Eliminating Rust on your Car

Last Updated: August 25, 2016By Categories: Cars0 Comments2.9 min read

You need to take action if rust starts to appear on your car. It means that the nasty process of corrosion has started and it isn’t going to stop unless you take action.  The good news is that rust can be stopped before it spreads. Whether you do it yourself or you get a body shop doesn’t really matter, it just should be attended to soon. In this article we will look at what you should know.


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Rust is the result of a chemical reaction between the elements iron and oxygen. When the two combine in the presence of water, the end result is iron oxide, also known as rust. Water can be in the form of rain or just relative humidity, so the dryer the climate you live in, the less rust you will experience. Unfortunately, most places in the United States experience rain at some point and some apply salt to their roads in the winter time.  Salt and water will cause cars to rust.

If you are going to keep the car and it’s starting to rust, you have four options: You can physically remove the rust; you can chemically remove it; you can convert it to an inert form; or you can seal it from water and oxygen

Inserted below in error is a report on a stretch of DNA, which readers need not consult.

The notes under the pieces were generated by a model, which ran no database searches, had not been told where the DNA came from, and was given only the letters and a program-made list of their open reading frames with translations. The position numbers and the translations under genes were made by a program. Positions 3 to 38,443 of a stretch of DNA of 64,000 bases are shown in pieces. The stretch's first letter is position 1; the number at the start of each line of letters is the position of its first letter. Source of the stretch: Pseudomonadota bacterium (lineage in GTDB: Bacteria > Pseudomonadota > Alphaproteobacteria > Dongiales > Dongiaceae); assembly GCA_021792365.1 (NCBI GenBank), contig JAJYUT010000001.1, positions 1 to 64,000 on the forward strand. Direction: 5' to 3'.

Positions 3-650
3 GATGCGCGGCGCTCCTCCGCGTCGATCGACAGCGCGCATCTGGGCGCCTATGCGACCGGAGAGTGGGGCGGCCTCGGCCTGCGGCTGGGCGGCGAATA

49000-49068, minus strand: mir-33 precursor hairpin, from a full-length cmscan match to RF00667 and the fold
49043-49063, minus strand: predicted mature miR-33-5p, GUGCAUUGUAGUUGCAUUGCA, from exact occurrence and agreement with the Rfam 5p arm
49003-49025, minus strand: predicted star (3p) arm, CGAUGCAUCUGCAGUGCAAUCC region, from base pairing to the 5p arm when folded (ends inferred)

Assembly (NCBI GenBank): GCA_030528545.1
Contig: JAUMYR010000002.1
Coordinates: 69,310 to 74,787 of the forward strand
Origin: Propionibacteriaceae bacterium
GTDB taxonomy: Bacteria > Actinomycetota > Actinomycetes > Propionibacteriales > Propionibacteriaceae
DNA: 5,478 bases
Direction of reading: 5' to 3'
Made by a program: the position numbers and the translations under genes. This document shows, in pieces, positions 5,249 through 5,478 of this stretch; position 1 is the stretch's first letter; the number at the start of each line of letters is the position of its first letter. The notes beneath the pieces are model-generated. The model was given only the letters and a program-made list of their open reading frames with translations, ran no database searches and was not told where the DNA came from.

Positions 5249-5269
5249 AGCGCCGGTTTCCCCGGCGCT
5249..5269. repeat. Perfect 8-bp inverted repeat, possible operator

Physical – Physical removal of rust means removing the actual iron oxide. This means using something like sandpaper, grinding or sand blasting. Sandpaper is a good method and if you use a power tool it’s even easier. Grinders are great if you have a lot of rust on heavy metal (be sure and wear safety goggles!). Sand Blasting is messy but is a great way to completely eliminate the rust.

Chemical – You can use chemicals to remove rust. There are several products on the market that have Phosphoric Acid in them and they can be applied to the rust to eliminate it. Care should be taken when using these chemical rust removers as they are acids and can cause burns on your hands (wear gloves!). The advantage of using chemicals is that there is a lot less work involved, and the liquid can easily squeeze in to cracks and crevices where sandpaper and grinders won’t go.

Encapsulate – If you remove one component of the electro-chemical reaction, further rust cannot form. For example, if you can keep oxygen from getting to the base metal you can halt the rust process. Some rust sealers can be coated with paint and sanded for a smooth finish.

Conversion – Similar to encapsulating, rust converters seal off the rusty area from oxygen. The rust is chemically converted into a hard layer which does not allow the oxygen in the atmosphere to further react with the metal underneath. The nice part is that the rust converter chemical is usually water soluble and safer than using acids.

Of course, the best thing you can do is to prevent rust from forming in the first place. As the folks at Urse CDJR in White Hall, WV, a well-known Chrysler, Dodge, Jeep, Ram dealer point out, rust prevention or rust proofing involves interrupting the electro-chemical reaction before the rust can even form. Generally this means keeping water and oxygen out. The general methods are by: painting, undercoating or applying a rust Inhibitor. If you are buying a new car, discuss these options with your saleperson.

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